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2007 Suzuki XL7

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San Francisco: Suzuki's new XL7 may look like a crossover, but it still has some elements of a truck-based design with rails underneath the body. I like the way it drives, but quality inside the Suzuki XL7 is mediocre. It's not ugly enough to make you gag, but it also won't produce any wows for its fit and finish.

The Suzuki XL-7 has always been a plucky SUV. Even as its competitors switched to car-based platforms that are immensely more comfortable and better to drive in town, the XL-7 stuck with a truck frame that seemed to be made from pine logs and mud. It drove like a four-wheeler that suddenly sprouted a roof and some doors.

That's fine for people who need the off-road capability of a real SUV, but it was torture for people like me, people who wouldn't drive off-road if they were being chased by a nuclear-armed Godzilla.

So, I was relieved when the new XL7, yes, suddenly without its hyphen, showed up at my doorstep looking like a car-based crossover. I figured Suzuki had finally gotten some common sense kicked into its head and turned its off-road SUV into an on-road one.

I stepped into the cabin, a nice improvement over the old XL-7, and drove two feet in the parking lot before I realized this wasn't a car-based SUV at all. The pine logs underneath had merely been upgraded to oak.

Turns out the new XL7 has an unusual chassis design that is part crossover and part truck. It's built with a unibody frame just like a family car, but it also has full-length rails under the body for added strength.

That means, on the comfort spectrum, it drives somewhere in between a really nice truck and a really bad car. The ride is certainly an improvement over the old XL-7. But that's like becoming the best pitcher in the Rangers' bullpen, it's just not that hard to do.

Inside, you'll find the same value-minded interior Suzuki SUVs are known for. It's not too luxurious, although a wide expanse of fake wood trim in high-end models makes the same statement as a fake Louis Vuitton handbag. It shows you know what nice stuff looks like, but still says you can't afford the real thing.

Space is the XL7's strong point. It comes with three rows of seats that are surprisingly comfortable and roomy, and the back two rows easily fold down for carrying cargo. If that's not enough, the front passenger seat folds flat too.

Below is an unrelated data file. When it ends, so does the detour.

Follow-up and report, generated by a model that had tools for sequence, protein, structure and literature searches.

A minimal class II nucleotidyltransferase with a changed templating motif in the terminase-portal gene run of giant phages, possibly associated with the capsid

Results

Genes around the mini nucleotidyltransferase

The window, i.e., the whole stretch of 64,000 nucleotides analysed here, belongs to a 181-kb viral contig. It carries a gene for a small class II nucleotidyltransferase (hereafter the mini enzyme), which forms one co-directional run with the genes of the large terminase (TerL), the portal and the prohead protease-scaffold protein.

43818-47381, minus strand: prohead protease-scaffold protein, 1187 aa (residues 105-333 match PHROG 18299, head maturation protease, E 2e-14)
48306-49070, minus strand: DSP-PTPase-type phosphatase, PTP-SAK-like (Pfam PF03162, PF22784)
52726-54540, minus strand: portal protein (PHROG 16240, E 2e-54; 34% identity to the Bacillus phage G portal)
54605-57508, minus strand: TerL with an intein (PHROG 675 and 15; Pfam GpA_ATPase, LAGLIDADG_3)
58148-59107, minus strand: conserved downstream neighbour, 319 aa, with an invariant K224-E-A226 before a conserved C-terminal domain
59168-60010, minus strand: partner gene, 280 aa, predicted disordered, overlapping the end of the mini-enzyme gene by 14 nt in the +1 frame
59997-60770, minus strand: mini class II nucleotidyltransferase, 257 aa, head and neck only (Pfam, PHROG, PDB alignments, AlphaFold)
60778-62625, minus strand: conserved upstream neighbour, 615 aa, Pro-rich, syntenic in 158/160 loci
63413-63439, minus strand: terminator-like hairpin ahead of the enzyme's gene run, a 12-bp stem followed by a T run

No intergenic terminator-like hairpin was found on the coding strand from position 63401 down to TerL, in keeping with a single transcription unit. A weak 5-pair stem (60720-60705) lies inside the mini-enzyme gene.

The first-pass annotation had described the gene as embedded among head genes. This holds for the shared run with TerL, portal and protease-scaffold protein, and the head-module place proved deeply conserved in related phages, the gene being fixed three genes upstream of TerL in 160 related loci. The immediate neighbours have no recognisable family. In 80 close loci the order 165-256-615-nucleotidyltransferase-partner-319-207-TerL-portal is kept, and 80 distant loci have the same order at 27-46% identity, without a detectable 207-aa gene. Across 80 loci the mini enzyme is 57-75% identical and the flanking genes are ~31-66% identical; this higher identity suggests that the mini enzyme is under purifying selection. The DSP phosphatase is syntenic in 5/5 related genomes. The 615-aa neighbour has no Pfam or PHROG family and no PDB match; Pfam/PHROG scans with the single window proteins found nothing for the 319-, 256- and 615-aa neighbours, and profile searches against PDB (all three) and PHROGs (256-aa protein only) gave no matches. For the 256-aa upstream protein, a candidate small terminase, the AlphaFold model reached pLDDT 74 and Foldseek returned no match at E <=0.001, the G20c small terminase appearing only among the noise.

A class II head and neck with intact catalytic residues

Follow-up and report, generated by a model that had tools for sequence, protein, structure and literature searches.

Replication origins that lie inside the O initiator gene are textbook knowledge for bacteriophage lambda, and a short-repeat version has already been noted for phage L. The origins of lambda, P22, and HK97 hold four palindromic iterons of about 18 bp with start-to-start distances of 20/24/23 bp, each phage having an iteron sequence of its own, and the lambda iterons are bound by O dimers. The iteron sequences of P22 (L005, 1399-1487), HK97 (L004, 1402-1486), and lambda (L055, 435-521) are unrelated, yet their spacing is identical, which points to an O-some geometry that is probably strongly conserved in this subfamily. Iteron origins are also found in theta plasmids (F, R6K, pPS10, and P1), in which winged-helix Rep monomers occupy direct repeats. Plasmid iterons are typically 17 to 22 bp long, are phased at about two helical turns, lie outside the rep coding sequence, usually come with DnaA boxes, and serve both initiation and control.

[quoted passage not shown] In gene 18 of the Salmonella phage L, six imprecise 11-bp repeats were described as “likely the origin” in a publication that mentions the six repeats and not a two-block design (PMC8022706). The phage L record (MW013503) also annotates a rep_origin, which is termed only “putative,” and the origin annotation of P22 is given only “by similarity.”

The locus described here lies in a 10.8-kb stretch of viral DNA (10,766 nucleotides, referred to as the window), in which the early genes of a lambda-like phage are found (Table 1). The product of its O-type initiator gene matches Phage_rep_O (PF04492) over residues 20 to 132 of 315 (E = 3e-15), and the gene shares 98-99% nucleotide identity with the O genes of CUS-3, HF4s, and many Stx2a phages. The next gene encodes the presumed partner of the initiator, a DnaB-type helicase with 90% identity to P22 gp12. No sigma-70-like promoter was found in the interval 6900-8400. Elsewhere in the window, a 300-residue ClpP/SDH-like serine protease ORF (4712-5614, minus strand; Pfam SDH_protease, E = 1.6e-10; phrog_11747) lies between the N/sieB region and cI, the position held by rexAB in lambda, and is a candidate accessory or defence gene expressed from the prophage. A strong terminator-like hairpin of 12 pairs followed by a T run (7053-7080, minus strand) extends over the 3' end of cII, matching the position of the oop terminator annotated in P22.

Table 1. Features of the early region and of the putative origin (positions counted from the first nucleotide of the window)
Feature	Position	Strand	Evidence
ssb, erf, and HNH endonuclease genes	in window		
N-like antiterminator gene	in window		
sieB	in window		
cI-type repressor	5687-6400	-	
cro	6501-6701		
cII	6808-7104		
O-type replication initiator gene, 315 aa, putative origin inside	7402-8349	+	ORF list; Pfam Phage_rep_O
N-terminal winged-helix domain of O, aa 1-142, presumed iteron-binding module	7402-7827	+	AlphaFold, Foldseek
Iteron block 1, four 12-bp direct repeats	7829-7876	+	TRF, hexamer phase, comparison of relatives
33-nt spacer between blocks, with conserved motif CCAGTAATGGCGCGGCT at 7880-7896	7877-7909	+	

It's an awful lot of SUV, or crossover, or whatever it is, for the money.

It starts around $23,000, which is a bargain price for a seven-passenger SUV. Still, I think this vehicle needs to pick sides. Either it's an off-road SUV or an on-road crossover.

Otherwise, it will remain what it is today, a very affordable, seven-passenger SUV, that's mediocre both on and off the pavement. And maybe there’s nothing wrong with that for the price.

INFOBOX: What was tested? The 2007 Suzuki XL7 Limited 2WD with a base price of $27,949. Options: Platinum touring package ($2,200). MSRP price as tested: $30,149.

Why avoid it? It tries to be comfortable on the pavement and capable off the road, but it really excels at neither.

Why buy it? It has a lot of space for the money and retains some off-road cred. 

By Derek Price  © AutoWire.Net - San Francisco

Suzuki Home Page

Byline:  Syndicated content provided by Tony Leopardo © AutoWire.Net
Column Name:  This Suzuki SUV needs to pick sides
Topic: The 2007 Suzuki XL7 Limited 2WD
Word Count:  636
Photo Caption:  The 2007 Suzuki XL7 Limited 2WD
Photo Credits:  Suzuki XL7 Internet Media
Series #:  2007 - 41

Download the Microsoft Word version here:   2007 Suzuki XL7

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